SEE: Digital transformation in 2019: A business leader's guide to future challenges and opportunities (Tech Pro Research)
2. Tap into what you got
As soon as it is determined that certain areas of data are useful, begin to digitalize and exploit it for value so you can get it working for you.
3. Look for outside data that can augment your decision making
Outside data sources can enhance the value of data you already have under management. A prime example is the monitoring of Greenland's ice pack. If you monitor climate change and are concerned about the pace of global warming, you can study historical photos of Greenland's land mass from decades ago. Comparison of Greenland against how it was decades ago to how it is today can demonstrate both the impact and progression of global warming.
4. Curate data for privacy, integrity and data quality
As paper-based forms of unstructured data are digitalized, it is essential for data to undergo quality assurance checks for data integrity and quality. During this process, data errors should be detected and corrected. In some cases, there might also be privacy concerns that should be vetted. All of these bases should be explored in your data cleanup exercises before any of the newly digitalized content is admitted into a new data repository.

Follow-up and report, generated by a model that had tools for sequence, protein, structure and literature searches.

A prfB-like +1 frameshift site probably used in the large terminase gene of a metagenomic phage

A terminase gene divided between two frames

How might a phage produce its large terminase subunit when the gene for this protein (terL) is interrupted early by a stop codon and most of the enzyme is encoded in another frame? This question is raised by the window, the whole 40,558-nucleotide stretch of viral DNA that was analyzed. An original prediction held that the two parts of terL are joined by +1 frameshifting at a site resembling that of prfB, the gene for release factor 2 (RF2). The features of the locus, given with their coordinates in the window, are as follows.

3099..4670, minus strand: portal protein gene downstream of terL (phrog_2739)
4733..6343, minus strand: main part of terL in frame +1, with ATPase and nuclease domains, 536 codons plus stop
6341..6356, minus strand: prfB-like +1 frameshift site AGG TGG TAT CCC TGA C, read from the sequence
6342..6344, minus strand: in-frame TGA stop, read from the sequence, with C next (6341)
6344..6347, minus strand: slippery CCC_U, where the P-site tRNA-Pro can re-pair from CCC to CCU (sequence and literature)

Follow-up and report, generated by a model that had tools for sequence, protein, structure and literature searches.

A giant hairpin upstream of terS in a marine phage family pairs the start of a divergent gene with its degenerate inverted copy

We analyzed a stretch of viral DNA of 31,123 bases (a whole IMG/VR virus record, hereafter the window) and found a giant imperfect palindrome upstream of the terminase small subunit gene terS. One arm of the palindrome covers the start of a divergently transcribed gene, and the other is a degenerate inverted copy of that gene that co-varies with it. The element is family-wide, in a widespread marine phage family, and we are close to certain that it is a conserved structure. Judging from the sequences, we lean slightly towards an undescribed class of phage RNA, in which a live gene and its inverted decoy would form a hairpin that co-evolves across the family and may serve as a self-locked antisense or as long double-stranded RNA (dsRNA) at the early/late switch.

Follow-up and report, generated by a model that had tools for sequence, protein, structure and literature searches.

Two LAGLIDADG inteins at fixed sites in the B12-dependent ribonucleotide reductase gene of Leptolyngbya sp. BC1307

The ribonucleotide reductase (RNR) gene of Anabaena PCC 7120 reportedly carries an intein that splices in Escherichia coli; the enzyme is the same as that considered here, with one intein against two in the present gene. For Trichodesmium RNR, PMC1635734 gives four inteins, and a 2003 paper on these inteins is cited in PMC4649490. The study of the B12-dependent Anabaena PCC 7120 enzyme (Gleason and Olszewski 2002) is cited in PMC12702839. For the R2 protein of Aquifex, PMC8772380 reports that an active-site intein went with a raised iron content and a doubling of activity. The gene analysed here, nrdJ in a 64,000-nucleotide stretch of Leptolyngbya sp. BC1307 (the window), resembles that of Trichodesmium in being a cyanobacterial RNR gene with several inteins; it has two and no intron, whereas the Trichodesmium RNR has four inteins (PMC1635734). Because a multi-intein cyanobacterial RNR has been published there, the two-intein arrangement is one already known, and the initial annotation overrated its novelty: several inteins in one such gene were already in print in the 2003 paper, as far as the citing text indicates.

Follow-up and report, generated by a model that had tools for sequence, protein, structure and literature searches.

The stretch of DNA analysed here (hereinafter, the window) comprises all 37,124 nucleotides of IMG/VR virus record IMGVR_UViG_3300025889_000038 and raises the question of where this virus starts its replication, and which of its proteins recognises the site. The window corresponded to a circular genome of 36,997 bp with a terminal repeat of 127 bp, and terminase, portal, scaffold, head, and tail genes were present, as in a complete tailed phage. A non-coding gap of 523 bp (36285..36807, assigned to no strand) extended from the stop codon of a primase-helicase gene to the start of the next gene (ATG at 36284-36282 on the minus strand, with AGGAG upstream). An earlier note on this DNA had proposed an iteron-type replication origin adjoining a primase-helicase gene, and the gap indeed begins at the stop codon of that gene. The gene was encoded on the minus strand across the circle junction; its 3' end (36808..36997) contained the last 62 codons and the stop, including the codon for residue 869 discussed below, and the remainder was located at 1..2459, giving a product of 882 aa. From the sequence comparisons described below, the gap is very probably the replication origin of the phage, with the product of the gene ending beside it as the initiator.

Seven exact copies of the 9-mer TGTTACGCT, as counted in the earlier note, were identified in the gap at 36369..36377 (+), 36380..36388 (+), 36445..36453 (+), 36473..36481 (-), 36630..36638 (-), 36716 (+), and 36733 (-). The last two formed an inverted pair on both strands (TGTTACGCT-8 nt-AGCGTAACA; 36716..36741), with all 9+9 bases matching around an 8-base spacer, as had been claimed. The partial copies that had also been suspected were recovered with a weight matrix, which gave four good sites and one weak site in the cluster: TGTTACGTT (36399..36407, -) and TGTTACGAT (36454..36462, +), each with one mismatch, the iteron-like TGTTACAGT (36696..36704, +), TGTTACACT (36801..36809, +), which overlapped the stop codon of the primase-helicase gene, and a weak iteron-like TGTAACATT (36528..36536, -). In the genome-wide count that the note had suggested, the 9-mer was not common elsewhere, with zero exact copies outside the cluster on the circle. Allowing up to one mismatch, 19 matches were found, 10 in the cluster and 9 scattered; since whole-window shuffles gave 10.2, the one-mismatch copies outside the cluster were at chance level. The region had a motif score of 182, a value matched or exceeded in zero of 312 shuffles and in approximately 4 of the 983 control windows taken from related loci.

5. Develop proactive data management strategies for new technologies like IoT
Getting a handle on all of the data that you have under management (but might not know you have), isn't the end of the data management story. Cisco estimates that by 2019, IoT will generate more than 500 zettabytes of data per year. As companies bring on IoT technology, every implementation plan should address what to do with the future data that is collected.
6. Demonstrate results
Data is meant to be used. If you can't demonstrate compelling business cases for using unstructured data that you want to digitalize, reconsider retaining and investing in the data. For example, a majority of satellite images, old photos, documents, videos, etc., are used for long-term historical trends analysis. The data enables companies to learn from history and position themselves for the future. In other cases, the data can be used in short-term projects.
Just remember, whatever the use, it must bring immediate value to the business.
- Unstructured data: A cheat sheet (TechRepublic)
- How deep learning helps archaeologists rediscover the past (TechRepublic)
- 3 steps to improve the quality of your organization's data (TechRepublic)
- 6 digital trends spearheading business transformation in 2019 (TechRepublic)
- Drones, data analytics, smart seeds: How to reforest 1,000 times faster after wildfires (ZDNet)
- Unstructured data: the elephant in the Big Data room (ZDNet)
- Unstructured data: Challenge or asset? (ZDNet)
Mary E. Shacklett is president of Transworld Data, a technology research and market development firm. Prior to founding the company, Mary was Senior Vice President of Marketing and Technology at TCCU, Inc., a financial services firm; Vice President of Product Research and Software Development for Summit Information Systems, a computer software company; and Vice President of Strategic Planning and Technology at FSI International, a multinational manufacturing company in the semiconductor industry. Mary is a keynote speaker and has more than 1,000 articles, research studies, and technology publications in print.